2c. Pseudo-Apollodorus, The Library i 2.5 (Trans. by Sir James George Frazer) These daughters were borne to Danaus by a queen; but Gorgophone and Hypermnestra were borne to him by Elephantis. And Istrus got Hippodamia; Chalcodon got Rhodia; Agenor got Cleopatra; Chaetus got Asteria; Diocorystes got Hippodamia; Alces got Glauce; Alcmenor got Hippomedusa; Hippothous got Gorge; Euchenor got Iphimedusa; Hippolytus got Rhode. These ten sons were begotten on an Arabian woman; but the maidens were begotten on Hamadryad nymphs, some being daughters of Atlantia, and others of Phoebe. Agaptolemus got Pirene; Cercetes got Dorium; Eurydamas got Phartis; Aegius got Mnestra; Argius got Evippe; Archelaus got Anaxibia; Menemachus got Nelo. These seven sons were begotten on a Phoenician woman, and the maidens on an Ethiopian woman.


3a. Hyginus, Fabulae 31 (trans. Grant) (Roman mythographer C2nd A.D.) : "From Polus [Koios] and Phoebe [were born] : Latone, Asterie."

3b. Hyginus, Fabulae 53 (trans. Grant) : "Though Jove [Zeus] loved Asterie, daughter of Titan [Koios], she scorned him. Therefore she was transformed in to the bird ortyx, which we call a quail, and he cast her into the sea. From her an island sprang up, which was named Ortygia. This was floating. Later Latona [Leto] was borne there at Jove’s command by the wind Aquilo [Boreas], at the time when the Python was pursuing her, and there, clinging to an olive, she gave birth to Apollo and Diana [Artemis]. This island later was called Delos."

3c. Hyginus, Fabulae 250 (trans. Grant) : (Teams which destroyed their drivers) “They destroyed Phaethon, son of Sol by Clymene. Laomedon, son of Ilus by Leucippe. Oenomaus, son of Mars by Asterie, daughter of Atlas. Diomede, son of Mars, by *the same. Hippolytus, son of Theseus, by the Amazon Antiope. Amphiaraus, son of Oicleus by Hypermnestra, daughter of Thestius. His own mares devoured Glaucus, son of Sisyphus, at the funeral games of Pelias. Horses destroyed Iasion, son of Jove by Electra, daughter of Atlas. Salmoneus, who sitting in his chariot, imitated the thunder, was struck by a thunderbolt, and the chariot, too.”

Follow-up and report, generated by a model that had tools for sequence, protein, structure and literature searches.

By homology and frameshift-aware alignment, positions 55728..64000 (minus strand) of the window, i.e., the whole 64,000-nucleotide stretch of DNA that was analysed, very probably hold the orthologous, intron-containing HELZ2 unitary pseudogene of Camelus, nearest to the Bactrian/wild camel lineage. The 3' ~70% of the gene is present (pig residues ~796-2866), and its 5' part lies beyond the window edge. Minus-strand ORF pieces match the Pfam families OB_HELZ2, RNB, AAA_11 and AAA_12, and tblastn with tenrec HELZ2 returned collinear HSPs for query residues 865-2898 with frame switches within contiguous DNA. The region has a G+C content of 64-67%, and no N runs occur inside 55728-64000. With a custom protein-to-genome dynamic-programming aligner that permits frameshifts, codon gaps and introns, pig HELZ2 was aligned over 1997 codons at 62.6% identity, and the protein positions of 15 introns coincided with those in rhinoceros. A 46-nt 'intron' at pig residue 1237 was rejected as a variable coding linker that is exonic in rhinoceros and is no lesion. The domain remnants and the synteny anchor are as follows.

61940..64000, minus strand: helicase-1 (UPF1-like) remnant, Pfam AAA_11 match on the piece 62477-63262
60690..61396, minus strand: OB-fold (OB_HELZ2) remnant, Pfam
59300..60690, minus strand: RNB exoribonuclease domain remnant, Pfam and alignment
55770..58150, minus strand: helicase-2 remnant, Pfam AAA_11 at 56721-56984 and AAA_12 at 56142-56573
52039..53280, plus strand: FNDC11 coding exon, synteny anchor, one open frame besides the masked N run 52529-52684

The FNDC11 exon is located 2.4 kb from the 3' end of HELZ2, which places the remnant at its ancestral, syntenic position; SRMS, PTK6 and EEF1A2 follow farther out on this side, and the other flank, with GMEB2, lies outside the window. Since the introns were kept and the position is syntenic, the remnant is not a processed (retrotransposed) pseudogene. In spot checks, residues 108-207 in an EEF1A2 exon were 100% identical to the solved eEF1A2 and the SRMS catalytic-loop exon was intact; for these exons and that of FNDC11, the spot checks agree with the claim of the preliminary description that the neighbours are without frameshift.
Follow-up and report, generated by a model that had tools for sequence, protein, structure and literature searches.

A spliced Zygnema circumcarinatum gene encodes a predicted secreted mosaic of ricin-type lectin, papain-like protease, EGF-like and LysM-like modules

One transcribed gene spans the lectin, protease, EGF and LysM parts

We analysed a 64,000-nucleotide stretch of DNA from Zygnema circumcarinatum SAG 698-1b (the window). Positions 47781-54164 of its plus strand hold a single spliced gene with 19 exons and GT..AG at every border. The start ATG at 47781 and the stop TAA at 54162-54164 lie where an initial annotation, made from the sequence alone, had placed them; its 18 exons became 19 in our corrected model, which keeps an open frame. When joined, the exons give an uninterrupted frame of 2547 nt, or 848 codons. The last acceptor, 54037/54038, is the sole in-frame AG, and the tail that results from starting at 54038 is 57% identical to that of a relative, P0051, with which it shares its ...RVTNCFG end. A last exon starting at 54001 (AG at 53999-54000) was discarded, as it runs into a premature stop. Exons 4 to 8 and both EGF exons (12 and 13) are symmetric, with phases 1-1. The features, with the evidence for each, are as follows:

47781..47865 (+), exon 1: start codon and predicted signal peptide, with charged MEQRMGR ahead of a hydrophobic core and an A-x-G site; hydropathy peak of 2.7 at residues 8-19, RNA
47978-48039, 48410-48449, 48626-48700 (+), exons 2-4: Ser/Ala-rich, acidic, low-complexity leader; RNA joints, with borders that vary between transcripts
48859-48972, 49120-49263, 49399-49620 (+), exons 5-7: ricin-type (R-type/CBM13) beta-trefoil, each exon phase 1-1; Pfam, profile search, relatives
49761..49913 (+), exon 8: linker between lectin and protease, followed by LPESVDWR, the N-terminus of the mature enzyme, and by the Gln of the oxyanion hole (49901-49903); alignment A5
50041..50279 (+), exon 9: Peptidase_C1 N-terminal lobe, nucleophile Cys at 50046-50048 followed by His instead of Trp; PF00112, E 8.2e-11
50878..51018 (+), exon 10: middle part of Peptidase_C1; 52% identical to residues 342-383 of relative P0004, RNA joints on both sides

4a. Cicero, De Natura Deorum 3. 18 (trans. Rackham) : "How, again, if you think Latona [Leto] a goddess, can you refuse to think Hecate one, who is the daughter of Asteria, the sister of Latona?"

4b Cicero De Natura Deorum 3.18 trans. Francis Brooks (London: Methuen, 1896) : “The fourth [Hercules] is the son of Jupiter and Asteria, the sister of Latona, and is worshipped principally at Tyre, the mother city, according to tradition, of Carthage…”


5. Athenaeus, Deipnosophists, ix. p. 392 “… And concerning their [quails] origin, Phanodemus, in the second book of his History of Attica, says :— " When Erysichthon saw the island of Delos, which was by the ancients called Ortygia, because of the numerous flocks of quails which came over the sea and settled in that island as one which afforded them good shelter . . . . " And Eudoxus the Cnidian, in the first book of his Description of the Circuit of the Earth, says that the Phoenicians sacrifice quails to Hercules, because Hercules, the son of Asteria and Jupiter, when on his way towards Libya, was slain by Typhon and restored to life by Iolaus, who brought a quail to him and put it to his nose, and the smell revived him. For when he was alive he was, says Eudoxus, very partial to that bird.”